Emerging payment models such as the forthcoming Medicare Advantage carve-in demonstration may start to bring down record-high hospice multiples in what continues to be a burgeoning mergers and acquisitions market, but falling multiples are unlikely to curtail widespread industry consolidation in the long term, hospice CEOs said at the Home Health Care News Summit conference in Chicago.
Demographic tailwinds and availability of capital have been driving a robust market for companies looking to acquire hospice and palliative care companies. From 2016 to 2018, the space saw more than 10 transactions of $250 million or higher in total enterprise value, with at least five transactions individually exceeding $700 million of value, the highest ever in the industry, according to the M&A advisory firm Cain Brothers.
Eight hospice acquisitions took place during the first quarter of 2019, up from seven transactions during Q1 2018 as well as Q4 2018, which also saw seven transactions, M&A advisory firm Mertz Taggart reported.
“You have very high multiples right now with the demographics that are trending; those multiples have to come down over time if you look at historical averages,” Larry Graham, founder and CEO of hospice and home health provider Curo Health Services said at Summit. “Private equity is very interested in the home care and hospice space which is driving up multiples at this point in time. I think the future changes to reimbursement, such as the [Medicare Advantage carve-in] will have an impact on multiples coming down.”
The U.S. Centers for Medicare & Medicaid Services (CMS) earlier this year announced that it would test coverage of hospice care through Medicare Advantage plans beginning in 2021. The carve-in, according to CMS, is intended to increase access to hospice services and facilitate better coordination between patients’ hospice providers and their other clinicians. Reactions to the carve-in demo have been mixed, with many lauding the CMS action and others expressing concern.
The carve-in will likely become a key factor that companies consider when making M&A decisions.
“Multiples currently are at all time highs for the hospice industry. Those multiples are projected around the value proposition that hospice provides, and is projected to provide, to the overall health care system,” Nick Westfall, CEO of VITAS Healthcare, a subsidiary of Chemed (NYSE: CHEM), told Hospice News. “There is a willingness to pay to enter into the hospice space, and for those of us who have been in the hospice space and see a bunch of acquisitive opportunities over time, we are constantly balancing out whether [a transaction] makes sense. Does it offer a strategic market or a strategic platform? I think that is going to continue to evolve.”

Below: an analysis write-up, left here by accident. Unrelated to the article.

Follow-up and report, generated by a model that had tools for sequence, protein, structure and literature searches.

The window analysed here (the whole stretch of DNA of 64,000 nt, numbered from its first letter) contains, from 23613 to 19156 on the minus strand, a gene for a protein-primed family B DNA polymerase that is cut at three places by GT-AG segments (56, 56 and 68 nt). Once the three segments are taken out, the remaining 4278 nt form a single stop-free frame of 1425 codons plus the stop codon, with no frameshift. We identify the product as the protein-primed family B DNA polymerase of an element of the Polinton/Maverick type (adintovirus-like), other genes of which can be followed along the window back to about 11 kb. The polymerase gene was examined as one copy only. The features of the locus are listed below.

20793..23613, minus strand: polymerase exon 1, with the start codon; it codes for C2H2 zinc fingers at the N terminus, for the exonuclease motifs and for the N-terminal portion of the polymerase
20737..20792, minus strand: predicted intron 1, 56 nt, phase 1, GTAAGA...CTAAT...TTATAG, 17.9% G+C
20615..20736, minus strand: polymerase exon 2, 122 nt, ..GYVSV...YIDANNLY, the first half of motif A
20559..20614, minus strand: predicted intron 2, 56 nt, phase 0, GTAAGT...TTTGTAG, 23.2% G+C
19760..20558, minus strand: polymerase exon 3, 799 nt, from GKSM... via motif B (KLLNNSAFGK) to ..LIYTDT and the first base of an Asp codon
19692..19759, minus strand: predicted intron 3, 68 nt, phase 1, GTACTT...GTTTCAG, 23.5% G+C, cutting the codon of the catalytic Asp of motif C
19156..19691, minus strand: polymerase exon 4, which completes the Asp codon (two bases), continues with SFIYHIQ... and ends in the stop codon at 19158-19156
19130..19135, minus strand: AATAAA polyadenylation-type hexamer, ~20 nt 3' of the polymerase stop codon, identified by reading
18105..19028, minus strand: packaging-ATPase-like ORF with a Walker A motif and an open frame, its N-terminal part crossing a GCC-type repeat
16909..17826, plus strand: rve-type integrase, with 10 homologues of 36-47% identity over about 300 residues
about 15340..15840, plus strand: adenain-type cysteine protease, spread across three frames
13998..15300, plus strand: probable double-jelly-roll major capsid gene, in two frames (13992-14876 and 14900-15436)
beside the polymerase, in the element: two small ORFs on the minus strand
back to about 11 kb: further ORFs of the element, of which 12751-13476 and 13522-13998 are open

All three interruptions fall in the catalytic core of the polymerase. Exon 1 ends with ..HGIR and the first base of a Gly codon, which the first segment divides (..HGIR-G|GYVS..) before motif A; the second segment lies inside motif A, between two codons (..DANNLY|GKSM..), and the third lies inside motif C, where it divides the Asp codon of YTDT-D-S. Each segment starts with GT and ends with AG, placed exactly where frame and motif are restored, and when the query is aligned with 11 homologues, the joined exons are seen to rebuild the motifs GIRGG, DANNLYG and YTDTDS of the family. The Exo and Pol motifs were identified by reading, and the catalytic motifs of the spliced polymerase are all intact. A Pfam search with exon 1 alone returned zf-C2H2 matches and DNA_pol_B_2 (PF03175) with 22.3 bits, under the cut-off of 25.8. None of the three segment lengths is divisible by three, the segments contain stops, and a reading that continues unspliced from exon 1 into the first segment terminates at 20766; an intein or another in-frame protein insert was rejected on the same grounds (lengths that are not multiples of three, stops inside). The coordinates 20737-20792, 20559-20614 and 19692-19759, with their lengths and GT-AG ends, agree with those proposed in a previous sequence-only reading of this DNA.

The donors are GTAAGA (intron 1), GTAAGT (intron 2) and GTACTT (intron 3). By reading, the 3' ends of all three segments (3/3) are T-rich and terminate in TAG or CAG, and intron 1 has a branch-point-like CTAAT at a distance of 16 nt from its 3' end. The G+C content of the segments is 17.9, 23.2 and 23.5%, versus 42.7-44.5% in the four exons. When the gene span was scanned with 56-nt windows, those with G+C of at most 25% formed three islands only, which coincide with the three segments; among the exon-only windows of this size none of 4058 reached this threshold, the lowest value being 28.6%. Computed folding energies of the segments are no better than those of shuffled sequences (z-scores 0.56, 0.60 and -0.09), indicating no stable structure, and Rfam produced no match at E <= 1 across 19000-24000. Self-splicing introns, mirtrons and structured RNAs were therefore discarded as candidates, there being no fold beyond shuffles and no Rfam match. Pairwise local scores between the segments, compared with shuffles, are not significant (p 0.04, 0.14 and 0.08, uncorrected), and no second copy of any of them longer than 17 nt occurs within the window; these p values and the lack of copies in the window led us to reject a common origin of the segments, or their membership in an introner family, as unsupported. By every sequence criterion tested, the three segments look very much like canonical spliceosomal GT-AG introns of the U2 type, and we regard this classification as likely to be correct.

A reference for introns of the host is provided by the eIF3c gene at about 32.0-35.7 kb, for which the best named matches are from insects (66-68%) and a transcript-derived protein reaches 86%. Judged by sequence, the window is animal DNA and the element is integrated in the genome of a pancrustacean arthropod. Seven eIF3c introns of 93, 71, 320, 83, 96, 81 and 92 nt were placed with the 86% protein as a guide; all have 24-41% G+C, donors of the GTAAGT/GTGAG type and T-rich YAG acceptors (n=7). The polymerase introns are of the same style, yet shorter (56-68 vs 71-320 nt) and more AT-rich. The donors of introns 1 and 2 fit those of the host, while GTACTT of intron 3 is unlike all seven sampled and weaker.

Medicare Advantage plans are offered by private insurance companies approved by the U.S. Centers for Medicare & Medicaid Services (CMS), and include HMO, PPO, and fee-for-service plans among other options. The program represents an integrated care model that promotes coordination of services and provides incentives for quality and patient satisfaction. Beginning in 2020, the program will be available in all 50 states as well as U.S. territories.
Unlike the flat rate per diem that hospices currently receive through the Medicare Hospice Benefit, Medicare Advantage plans typically negotiate with health care providers to secure lower rates. The potential for lower payments will likely impact hospice multiples.
“When we talk about multiples as they relates to valuations in health care services, that multiple is mostly a function of risk, and in health care services — especially in same payer health care services like hospice — that risk is typically reimbursement risk,” Cory Mertz, managing partner of Mertz Taggart told Hospice News. “The risk of Medicare Advantage is the risk of lower reimbursement, so buyers are going to make less money than what they are currently buying into because they are buying into a revenue stream.”
If multiples fall, the currently robust hospice M&A market will be unlikely to falter, according to Westfall. In a Medicare Advantage carve-in, hospice providers will need to leverage scale in order to successfully negotiate rates.
“The reality is there is a big land grab, let’s call it, related to patient populations and how you manage them in the last 18 to 36 months of life. If it is done right it will dramatically improve outcomes, and there are going to be business opportunities as well,” Westfall told the crowd at Summit. “I think the market has to determine how that is going to happen, and the consolidation approach is going to continue to occur because without scale it’s going to be difficult to operate at those levels. You have to go in and negotiate with insurance companies; absent scale it’s going to be a difficult negotiation.”